“It changed my life,” says Al-Rasheed.
Now, 43 years after she first uttered the words “Huna London” (“This is London“), Al-Rasheed remains a familiar voice to millions around the globe and to several generations.
Her path into broadcasting was far from smooth, however. Al-Rasheed’s father strongly opposed her ambition to work in radio — so much so that he forbade her to speak of it in public. But she ended up winning not only her father’s pride but also a place in both Saudi and broadcasting history.
But all that was far from her mind back in 1974 when Al-Rasheed arrived in London for a 10-week English-language course.
“I discovered the course organizer was married to a man who worked at the BBC so I asked if he could arrange a tour. The BBC wanted a letter from the Saudi Embassy. So I got one and because it was an official letter, the BBC invited me to spend a week with them,” she recalls.
It may not have been the intention, but it gave the BBC and Al-Rasheed the chance to have a good look at each other. At the end of the week, and only days before her return to Jeddah, she was handed a job application form.
“There was also a test which they said I could take at the British consulate,” said Al-Rasheed. “It was Ramadan and I was fasting. I went and took the test, but I didn’t tell anyone.”
She passed, but there was no promise of a job. At the time, Al-Rasheed was living with her married brother in Jeddah and trying hard to break into full-time broadcasting.
“It was my dream since childhood. The family used to call me ‘Broadcaster’ because I knew all the timings of all the programs. But whenever I said I really wanted to be a broadcaster, my father ignored me, or else he would say, ‘When I die’.”
Al-Rasheed was born and spent her earliest years in Onaza, in Najd province, north of Riyadh, but was packed off to boarding school when she was six, first to Lebanon and then to Alexandria in Egypt.
“My father valued education, but he did not think broadcasting was a suitable job because men and women worked closely together. He thought I might go astray. At the time, there were no women working for Saudi broadcasting, but I heard they were looking for someone to present an informative program about development in Saudi Arabia. My father said, ‘You can try, but you will fail.’ That made me even more determined.”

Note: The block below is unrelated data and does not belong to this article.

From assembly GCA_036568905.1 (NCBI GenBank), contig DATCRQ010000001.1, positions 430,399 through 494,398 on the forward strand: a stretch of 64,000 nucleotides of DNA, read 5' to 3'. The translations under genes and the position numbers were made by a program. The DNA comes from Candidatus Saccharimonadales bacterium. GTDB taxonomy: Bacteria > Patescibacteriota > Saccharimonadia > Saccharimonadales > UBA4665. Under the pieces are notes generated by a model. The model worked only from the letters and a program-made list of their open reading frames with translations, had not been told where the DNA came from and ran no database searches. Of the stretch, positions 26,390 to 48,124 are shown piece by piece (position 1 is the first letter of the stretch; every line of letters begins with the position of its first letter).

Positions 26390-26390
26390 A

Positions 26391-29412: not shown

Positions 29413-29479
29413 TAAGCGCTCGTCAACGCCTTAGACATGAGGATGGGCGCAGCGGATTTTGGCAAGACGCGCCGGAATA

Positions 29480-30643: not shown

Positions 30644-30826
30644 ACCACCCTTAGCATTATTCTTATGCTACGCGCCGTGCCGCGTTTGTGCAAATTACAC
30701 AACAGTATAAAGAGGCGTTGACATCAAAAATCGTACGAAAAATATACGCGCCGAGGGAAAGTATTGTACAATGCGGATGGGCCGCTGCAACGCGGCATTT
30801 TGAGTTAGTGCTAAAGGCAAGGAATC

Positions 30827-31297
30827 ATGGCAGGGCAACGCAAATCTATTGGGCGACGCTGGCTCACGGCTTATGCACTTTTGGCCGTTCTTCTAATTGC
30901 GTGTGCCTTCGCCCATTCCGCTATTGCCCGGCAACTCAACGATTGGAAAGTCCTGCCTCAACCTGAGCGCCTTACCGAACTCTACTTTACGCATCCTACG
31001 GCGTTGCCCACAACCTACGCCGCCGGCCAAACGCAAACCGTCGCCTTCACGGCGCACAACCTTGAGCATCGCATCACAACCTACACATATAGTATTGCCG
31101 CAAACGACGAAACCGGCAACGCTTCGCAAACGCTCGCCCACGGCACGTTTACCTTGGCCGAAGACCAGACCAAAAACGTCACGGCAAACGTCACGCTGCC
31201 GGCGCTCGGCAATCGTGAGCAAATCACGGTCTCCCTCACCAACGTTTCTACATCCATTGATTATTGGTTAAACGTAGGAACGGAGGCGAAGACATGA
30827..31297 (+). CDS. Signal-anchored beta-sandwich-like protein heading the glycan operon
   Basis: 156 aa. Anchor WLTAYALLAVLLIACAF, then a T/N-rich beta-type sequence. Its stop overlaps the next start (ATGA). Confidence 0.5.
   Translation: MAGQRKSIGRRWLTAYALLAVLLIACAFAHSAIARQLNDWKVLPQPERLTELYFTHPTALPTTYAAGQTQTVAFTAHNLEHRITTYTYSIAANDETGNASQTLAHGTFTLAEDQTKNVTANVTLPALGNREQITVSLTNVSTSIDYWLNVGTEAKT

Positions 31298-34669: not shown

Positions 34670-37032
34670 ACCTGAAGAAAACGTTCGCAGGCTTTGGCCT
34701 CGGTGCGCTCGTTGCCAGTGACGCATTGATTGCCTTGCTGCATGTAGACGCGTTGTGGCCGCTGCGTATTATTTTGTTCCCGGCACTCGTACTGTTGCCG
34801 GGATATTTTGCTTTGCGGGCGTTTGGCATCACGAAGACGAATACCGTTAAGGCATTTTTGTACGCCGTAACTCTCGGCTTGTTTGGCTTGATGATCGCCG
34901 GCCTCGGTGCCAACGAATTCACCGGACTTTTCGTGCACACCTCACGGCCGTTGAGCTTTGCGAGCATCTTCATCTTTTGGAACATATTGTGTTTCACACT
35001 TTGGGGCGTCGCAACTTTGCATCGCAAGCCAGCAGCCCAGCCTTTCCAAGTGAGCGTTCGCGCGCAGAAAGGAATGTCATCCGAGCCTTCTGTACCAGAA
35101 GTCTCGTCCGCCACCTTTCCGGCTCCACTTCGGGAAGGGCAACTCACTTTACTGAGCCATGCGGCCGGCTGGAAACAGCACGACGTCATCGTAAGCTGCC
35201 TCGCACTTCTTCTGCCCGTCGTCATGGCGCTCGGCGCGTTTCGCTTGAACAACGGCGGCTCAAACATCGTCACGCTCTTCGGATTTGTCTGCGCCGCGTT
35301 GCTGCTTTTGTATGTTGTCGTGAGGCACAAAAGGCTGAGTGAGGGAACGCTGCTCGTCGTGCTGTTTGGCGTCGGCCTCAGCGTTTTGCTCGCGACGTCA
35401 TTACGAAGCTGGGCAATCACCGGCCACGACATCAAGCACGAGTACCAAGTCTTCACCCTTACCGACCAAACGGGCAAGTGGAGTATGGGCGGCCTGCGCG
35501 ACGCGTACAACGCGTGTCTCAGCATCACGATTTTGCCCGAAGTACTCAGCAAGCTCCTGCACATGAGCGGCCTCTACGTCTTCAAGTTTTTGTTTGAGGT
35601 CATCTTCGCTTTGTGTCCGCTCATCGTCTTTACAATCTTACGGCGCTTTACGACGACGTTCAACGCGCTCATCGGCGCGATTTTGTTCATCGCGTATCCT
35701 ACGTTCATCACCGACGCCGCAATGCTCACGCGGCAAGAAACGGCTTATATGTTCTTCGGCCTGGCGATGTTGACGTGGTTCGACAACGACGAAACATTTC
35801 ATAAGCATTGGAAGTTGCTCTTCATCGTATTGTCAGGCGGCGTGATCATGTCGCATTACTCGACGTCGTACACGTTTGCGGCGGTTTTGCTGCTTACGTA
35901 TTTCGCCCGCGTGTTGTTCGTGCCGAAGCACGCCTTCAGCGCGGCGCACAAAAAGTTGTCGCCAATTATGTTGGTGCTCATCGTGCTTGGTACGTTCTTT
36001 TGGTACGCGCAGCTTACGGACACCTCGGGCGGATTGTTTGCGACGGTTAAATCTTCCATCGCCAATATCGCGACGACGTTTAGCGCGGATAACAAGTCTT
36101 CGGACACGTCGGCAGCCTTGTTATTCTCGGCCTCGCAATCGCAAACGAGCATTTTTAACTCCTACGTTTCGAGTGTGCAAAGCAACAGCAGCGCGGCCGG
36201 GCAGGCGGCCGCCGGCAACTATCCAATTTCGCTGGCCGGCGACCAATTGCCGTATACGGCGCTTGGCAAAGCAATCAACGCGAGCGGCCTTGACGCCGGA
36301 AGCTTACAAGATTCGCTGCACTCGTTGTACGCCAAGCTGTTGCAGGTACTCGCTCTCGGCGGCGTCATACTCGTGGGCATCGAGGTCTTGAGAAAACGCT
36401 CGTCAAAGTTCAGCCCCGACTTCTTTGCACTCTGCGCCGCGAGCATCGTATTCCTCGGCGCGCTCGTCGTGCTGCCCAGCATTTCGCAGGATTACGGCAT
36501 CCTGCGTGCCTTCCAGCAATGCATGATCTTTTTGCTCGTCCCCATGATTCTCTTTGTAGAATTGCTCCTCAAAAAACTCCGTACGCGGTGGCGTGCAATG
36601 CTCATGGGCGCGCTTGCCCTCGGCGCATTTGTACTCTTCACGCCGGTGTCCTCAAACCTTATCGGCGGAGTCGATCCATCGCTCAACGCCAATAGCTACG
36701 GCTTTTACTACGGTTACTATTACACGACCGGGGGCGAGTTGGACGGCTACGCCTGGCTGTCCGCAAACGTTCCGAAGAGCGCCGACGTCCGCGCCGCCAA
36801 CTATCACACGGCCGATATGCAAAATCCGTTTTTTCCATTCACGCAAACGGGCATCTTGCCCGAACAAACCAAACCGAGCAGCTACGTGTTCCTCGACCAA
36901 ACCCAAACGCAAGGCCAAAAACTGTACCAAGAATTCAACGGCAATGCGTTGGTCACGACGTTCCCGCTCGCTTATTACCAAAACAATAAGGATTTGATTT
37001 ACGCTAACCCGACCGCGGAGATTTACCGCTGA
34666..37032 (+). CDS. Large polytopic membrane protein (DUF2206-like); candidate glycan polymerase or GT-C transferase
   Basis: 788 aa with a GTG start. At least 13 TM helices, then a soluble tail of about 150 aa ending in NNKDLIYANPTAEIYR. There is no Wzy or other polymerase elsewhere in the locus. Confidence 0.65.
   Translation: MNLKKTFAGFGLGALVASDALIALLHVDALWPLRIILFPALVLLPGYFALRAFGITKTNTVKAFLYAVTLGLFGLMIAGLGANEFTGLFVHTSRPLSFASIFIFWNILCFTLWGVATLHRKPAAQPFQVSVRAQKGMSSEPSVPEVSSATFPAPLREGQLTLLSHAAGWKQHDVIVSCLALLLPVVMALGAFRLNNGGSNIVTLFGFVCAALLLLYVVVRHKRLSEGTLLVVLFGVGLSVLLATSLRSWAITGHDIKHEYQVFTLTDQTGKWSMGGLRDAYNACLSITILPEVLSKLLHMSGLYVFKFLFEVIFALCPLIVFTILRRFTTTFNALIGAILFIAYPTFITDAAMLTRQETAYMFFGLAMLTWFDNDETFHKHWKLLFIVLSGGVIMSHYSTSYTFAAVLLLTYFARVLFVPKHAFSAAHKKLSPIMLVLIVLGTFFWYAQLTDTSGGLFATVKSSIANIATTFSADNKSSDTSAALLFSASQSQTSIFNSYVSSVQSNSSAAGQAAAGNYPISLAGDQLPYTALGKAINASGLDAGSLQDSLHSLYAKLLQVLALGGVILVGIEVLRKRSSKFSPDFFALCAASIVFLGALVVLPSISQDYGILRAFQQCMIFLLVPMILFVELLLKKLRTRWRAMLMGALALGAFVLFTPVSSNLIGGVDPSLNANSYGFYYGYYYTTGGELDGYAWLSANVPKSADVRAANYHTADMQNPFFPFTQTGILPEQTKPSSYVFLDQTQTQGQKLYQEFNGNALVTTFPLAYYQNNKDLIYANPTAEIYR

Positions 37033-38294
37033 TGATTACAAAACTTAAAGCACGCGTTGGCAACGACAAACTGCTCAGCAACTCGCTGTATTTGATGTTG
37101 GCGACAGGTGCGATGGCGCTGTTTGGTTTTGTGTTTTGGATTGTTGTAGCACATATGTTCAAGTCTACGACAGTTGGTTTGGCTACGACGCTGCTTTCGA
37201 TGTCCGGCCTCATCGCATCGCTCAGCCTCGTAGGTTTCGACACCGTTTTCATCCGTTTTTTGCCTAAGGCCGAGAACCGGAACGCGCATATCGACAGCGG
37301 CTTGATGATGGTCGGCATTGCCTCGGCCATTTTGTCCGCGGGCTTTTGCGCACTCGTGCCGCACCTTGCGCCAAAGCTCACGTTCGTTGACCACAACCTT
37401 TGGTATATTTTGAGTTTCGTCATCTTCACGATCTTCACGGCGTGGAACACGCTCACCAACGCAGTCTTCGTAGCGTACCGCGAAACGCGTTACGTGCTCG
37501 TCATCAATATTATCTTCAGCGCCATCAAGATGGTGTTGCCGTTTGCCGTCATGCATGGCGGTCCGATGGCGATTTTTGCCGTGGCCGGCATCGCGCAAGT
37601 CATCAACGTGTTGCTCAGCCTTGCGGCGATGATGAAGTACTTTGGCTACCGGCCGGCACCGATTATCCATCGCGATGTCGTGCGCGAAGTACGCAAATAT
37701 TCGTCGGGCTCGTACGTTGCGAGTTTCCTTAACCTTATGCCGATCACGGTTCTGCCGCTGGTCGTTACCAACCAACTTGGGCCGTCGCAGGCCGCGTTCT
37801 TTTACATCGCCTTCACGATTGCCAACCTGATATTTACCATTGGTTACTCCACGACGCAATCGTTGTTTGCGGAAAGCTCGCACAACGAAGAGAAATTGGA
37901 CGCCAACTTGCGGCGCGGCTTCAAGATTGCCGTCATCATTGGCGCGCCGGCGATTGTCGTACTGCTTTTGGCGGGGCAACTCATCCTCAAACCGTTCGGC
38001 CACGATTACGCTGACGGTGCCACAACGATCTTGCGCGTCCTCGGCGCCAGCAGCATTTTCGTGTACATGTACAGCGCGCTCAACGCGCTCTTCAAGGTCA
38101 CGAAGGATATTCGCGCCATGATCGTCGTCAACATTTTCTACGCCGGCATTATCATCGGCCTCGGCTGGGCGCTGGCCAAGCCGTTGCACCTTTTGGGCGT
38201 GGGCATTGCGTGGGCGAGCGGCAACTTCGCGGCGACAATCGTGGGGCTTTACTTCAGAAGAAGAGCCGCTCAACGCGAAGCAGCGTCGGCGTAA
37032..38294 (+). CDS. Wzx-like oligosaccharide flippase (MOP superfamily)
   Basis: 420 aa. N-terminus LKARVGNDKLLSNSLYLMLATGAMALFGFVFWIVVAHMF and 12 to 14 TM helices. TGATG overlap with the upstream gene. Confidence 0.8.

She encountered even more resistance after she got the job. “I had so many problems with jealousy from both other women and from men who didn’t think I should be there. My father was pleased. He thought it would make me give up.”
Then came a call from London, via the British embassy, with a job offer, starting immediately. But first, Al-Rasheed had to face her father, who was working in Damascus at the time.
To her amazement, he voiced no objection. “He said, ‘If your brother doesn’t mind, then I don’t mind.’”
Al-Rasheed’s brother, a pilot, had taken the same view — if their father didn’t mind, neither did he. There was nothing standing in her way, and with her father still predicting failure, she had everything to prove.
On Sept. 10, 1974, she began her new life at BBC Arabic. The training was intensive and everything about London seemed bewildering.
“I walked around with my eyes popping out of my head.” She lodged with a couple in Wimbledon, south London — “They were like parents to me” — but was desperately homesick.
“The weather was horrible, I wanted my own food and I was lonely. I spent my days off just watching television. But I never thought of going back because I was doing what I wanted to do and you have to take the rough with the smooth. For a year, it was hell. After that, I started going to the cinema, to concerts, traveling. I began to find my way.”
When her father heard her voice on the radio for the first time, all his disapproval melted away. The man who had forbidden his daughter to even speak of her ambitions now openly boasted about her. The next time Al-Rasheed visited him, they went out walking together so he could stop people in the street and introduce “my daughter who works for the BBC in London.”
She discovered that at home her father kept one of his many radio sets permanently tuned to BBC Arabic. “It was next to where he had lunch and no one was allowed to touch it,” she said.
Back at Bush House, the former headquarters of the BBC World Service and the broadcaster’s foreign language satellites, Al-Rasheed was reading and reporting the news. She covered the state visits to Britain of King Fahd of Saudi Arabia and the Sultan of Oman, and went to Buckingham Palace to report on preparations for the royal banquets.
Which did she enjoy most? “All of it,” she replied without hesitation.
The Saudi broadcasting company also tried to entice her back. “I told the head of Saudi TV that I do not cover my hair. He said, ‘You don’t have to.’ So I was the first Saudi woman to appear uncovered. But I didn’t want to stay in Riyadh. I loved my job and couldn’t live without it.”
However, she had always regretted not going to university, so in 1989 Al-Rasheed left the BBC to study for a degree in history and English literature at the University of Buckingham. She subsequently gained master’s degrees in media studies and in linguistics and translation. After graduating, she returned to BBC Arabic as a freelance.
Referring to a radio career that has spanned four decades, she said: “It’s a real blessing to be so appreciated.”
Her flat in West London is filled with beautiful rugs and books in Arabic and English. She has published three novels of her own and had a play performed.
She follows current affairs closely and is enthralled by the changes in her own homeland. Does she see herself as a role model for other would-be Saudi career women?
She shrugs. “I knew what I wanted to do and I didn’t give up. That’s what women everywhere have to do.”